The Moebius Strip: a mathematical activity for all ages - students from the Maths & Physical Science outreach team
Mathematical demonstrations - students from the Maths & Physical Science outreach team
Physics outreach for schools at the University of Sussex - Professor Mark Hindmarsh
Hot topics in physics research at Sussex - Professor Alan Dalton and Professor Peter Krueger
Research lab tour: Quantum Technology - research students from the Quantum Technology Lab
Approaching required practicals in an inclusive way: A workshop for teachers - Colin Piper, Teaching and Learning Coach, Institute of Physics Schools Physics Network coordinator
13.00 Lunch with colleagues and faculty
13.45 Research Hot Topics: the things we are excited about:
Identification of a rare inherited condition that leads to infant death through severe lung disease - Dr Jo Murray
An international collaboration between UK, Dutch and American geneticists and clinicians has led to the identification of a new inherited syndrome, LICS syndrome, associated with severe lung disease, immunodeficiency and chromosome instability.
We were contacted by doctors in the Netherlands studying a family where two girls died soon after their first birthdays of severe lung disease following pneumonia. Genome sequencing revealed a defect in a gene called NSMCE3 and we were able to show that the problem in the patient’s cells was due to a defect in the Smc5/6 complex. This essential protein complex is required for accurate copying and repair of the genome. When Smc5/6 is not fully functional, cells use inappropriate processes to repair leading to an increase in errors, which can result in chromosome rearrangements and this can lead to cell death or cancer.
Chemistry – Professor Richard Layfield
IMUR: better outcomes for everybody – Dr Andreas Manfrin
The prevalence of asthma has been increasing since the late 1990’s. It has been estimated that about 400 million people will suffer from asthma by 2025. Asthma accounts for an economic loss of €72 billion annually in the 28 countries of the EU. This research describes the first attempt to deliver a novel community pharmacy intervention for asthma patients, across the Italian territory and to evaluate its effectiveness and cost-effectiveness (value for money). The name of the intervention is Italian Medicines Use Review (I-MUR). The presentation will provide an overview of the steps involved in the development and delivery of I-MUR. It will present the results of a cluster randomised controlled trial which, to the best of our knowledge, appears to be the largest trial of a community pharmacy intervention in asthma conducted in any country in terms of the numbers of pharmacists and patients.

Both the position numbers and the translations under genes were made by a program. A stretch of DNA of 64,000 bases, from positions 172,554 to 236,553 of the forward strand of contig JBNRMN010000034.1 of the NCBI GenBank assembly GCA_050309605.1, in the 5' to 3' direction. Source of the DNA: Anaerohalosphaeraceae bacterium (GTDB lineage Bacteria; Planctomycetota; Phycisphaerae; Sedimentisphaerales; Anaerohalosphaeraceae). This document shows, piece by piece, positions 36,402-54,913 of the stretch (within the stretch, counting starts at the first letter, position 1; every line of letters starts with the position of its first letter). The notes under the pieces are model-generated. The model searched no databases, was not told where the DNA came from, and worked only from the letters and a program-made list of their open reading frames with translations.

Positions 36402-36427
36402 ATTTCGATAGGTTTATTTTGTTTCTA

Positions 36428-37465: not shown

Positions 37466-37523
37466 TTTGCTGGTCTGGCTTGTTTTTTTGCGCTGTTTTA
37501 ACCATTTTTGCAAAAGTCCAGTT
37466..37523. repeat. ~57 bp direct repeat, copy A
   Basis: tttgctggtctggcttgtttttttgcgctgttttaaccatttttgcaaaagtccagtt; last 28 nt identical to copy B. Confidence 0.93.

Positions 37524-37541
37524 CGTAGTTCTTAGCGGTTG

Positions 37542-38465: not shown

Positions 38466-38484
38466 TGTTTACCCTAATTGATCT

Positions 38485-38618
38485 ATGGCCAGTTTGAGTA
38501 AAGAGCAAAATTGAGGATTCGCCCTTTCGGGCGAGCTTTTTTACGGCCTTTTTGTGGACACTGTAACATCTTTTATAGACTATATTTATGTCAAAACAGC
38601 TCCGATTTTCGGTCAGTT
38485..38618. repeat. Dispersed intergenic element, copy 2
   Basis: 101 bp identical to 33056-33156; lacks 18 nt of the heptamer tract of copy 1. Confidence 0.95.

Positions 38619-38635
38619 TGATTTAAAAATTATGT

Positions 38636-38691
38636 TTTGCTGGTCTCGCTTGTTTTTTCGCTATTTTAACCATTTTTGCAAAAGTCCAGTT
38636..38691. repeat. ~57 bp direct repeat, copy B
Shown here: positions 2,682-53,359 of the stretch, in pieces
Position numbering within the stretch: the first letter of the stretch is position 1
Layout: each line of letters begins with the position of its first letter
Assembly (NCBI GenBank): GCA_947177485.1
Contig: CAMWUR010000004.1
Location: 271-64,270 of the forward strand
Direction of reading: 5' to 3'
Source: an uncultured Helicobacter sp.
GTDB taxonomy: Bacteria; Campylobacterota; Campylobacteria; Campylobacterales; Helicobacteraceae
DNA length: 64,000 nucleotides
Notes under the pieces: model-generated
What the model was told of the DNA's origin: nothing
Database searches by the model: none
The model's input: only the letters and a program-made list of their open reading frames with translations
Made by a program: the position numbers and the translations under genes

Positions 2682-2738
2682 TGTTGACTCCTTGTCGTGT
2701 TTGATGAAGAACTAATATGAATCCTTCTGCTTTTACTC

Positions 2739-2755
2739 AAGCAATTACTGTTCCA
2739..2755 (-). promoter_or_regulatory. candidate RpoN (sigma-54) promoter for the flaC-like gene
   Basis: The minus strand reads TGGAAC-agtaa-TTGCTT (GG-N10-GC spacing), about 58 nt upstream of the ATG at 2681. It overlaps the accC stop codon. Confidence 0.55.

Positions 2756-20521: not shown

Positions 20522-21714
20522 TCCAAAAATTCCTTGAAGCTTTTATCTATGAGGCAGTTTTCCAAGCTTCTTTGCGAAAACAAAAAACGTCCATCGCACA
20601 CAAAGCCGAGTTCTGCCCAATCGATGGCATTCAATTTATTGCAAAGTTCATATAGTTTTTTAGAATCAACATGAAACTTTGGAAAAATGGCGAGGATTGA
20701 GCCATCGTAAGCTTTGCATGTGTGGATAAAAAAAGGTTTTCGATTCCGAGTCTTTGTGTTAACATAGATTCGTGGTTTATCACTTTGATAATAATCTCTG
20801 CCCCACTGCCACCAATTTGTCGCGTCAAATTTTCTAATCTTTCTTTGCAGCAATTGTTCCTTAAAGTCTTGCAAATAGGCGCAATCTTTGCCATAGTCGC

Robotics and Artificial Intelligence - Dr Phil Birch
The UK Government has identified Robotics as 'one of the UK's eight great technologies', whilst Artificial Intelligence is being heralded as the fourth industrial revolution. From autonomous factories, to self-driving cars, to smart homes, these technologies are revolutionising every aspect of our modern lives. Current research at Sussex is at the forefront of these emerging fields. This talk will give you novel insights into recent developments in the fields of Robotics and Artificial Intelligence, as well as exploring how these technologies are likely to shape the future.
15.00 Closing Remarks